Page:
Intense weather, climate change and increasing scarcity of resources coupled with the ever increasing global population has put the farming industry in a tough position. Farmers in the Dubai deserts are growing new superfoods adapted to growing in harsh conditions, according to a CNN article.

The International Center for Biosaline Agriculture is a not-for-profit organization founded by the United Arab Emerance in 1999 with the mission of finding highly nutritious foods able to grow in harsh conditions

“As freshwater becomes scarce it is important to grow foods that are adapted to saline solutions,” Dionysia Angeliki Lyra, an agronomist at ICBA, said.

According to a United Nations report, as of June, it is estimated that nearly 41 million people are on the brink of famine, and the ICBA estimates the global food demand to increase by 59% to 98% by 2050.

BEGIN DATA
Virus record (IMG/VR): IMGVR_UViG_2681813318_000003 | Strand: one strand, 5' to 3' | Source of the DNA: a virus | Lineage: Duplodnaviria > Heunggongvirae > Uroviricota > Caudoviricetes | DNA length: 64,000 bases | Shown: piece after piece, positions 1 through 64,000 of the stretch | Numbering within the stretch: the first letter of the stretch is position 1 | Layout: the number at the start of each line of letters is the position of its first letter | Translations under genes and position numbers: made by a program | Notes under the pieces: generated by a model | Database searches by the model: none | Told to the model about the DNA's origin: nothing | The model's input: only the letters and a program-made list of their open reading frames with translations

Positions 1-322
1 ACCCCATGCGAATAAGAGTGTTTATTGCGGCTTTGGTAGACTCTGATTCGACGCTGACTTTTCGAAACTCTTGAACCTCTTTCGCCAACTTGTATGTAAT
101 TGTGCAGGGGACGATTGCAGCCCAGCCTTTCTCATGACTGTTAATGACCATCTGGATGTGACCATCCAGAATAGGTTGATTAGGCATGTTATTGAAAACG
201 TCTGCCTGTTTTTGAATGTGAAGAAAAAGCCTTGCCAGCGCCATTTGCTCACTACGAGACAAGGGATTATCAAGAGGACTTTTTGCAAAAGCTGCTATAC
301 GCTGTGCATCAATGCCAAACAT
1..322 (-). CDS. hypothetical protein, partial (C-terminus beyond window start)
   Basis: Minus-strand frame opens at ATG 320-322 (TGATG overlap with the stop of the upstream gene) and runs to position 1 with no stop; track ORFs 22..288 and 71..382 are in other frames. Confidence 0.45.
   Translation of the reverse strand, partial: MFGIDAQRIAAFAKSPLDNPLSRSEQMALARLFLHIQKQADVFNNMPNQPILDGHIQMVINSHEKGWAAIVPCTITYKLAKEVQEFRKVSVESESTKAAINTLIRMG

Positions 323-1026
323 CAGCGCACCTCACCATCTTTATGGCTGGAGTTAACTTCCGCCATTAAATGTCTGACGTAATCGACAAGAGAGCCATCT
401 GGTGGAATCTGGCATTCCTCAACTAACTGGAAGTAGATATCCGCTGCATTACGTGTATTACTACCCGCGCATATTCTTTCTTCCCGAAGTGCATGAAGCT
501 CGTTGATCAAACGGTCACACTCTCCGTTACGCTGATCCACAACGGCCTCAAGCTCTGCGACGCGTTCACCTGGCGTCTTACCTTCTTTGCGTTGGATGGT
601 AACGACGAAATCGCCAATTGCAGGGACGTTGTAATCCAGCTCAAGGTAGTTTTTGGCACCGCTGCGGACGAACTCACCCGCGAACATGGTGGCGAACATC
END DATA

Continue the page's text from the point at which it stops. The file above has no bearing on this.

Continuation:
According to the article, the ICBA is looking to further this technique in other saline saturated environments, including parts of Central Asia and sub-Saharan Africa. 

Duchess appointed patron of sexual abuse referral center in Nigeria

According to CNN, the Duchess of Cornwall, 74, has been appointed as patron to Nigeria’s first sexual assault referral center in Lagos.

Camilla has long campaigned against domestic abuse and says she is delighted to be part of such an organization.

“It is a truly trailblazing organization, supporting survivors of rape and sexual assault as they seek healing and justice,” she told CNN. 

According to the article, the sexual assault referral center was founded in 2013, and it is estimated that in eight year the center has helped 6,000 cases. According to the same article, the youngest person they have helped is a four month-old infant, and the oldest is an 80 year old woman.

According to a UN report conducted in 2020, 30% of women aged 15-49 experience some form of assault in Nigeria. 

“Their vital work means that women need no longer suffer in silence and I am deeply grateful to all Mirabel’s wonderful staff and volunteers,” Camilla told CNN.

News reporter Michael Crimmins can be reached at [email protected]. Follow him on Twitter @michael_crimm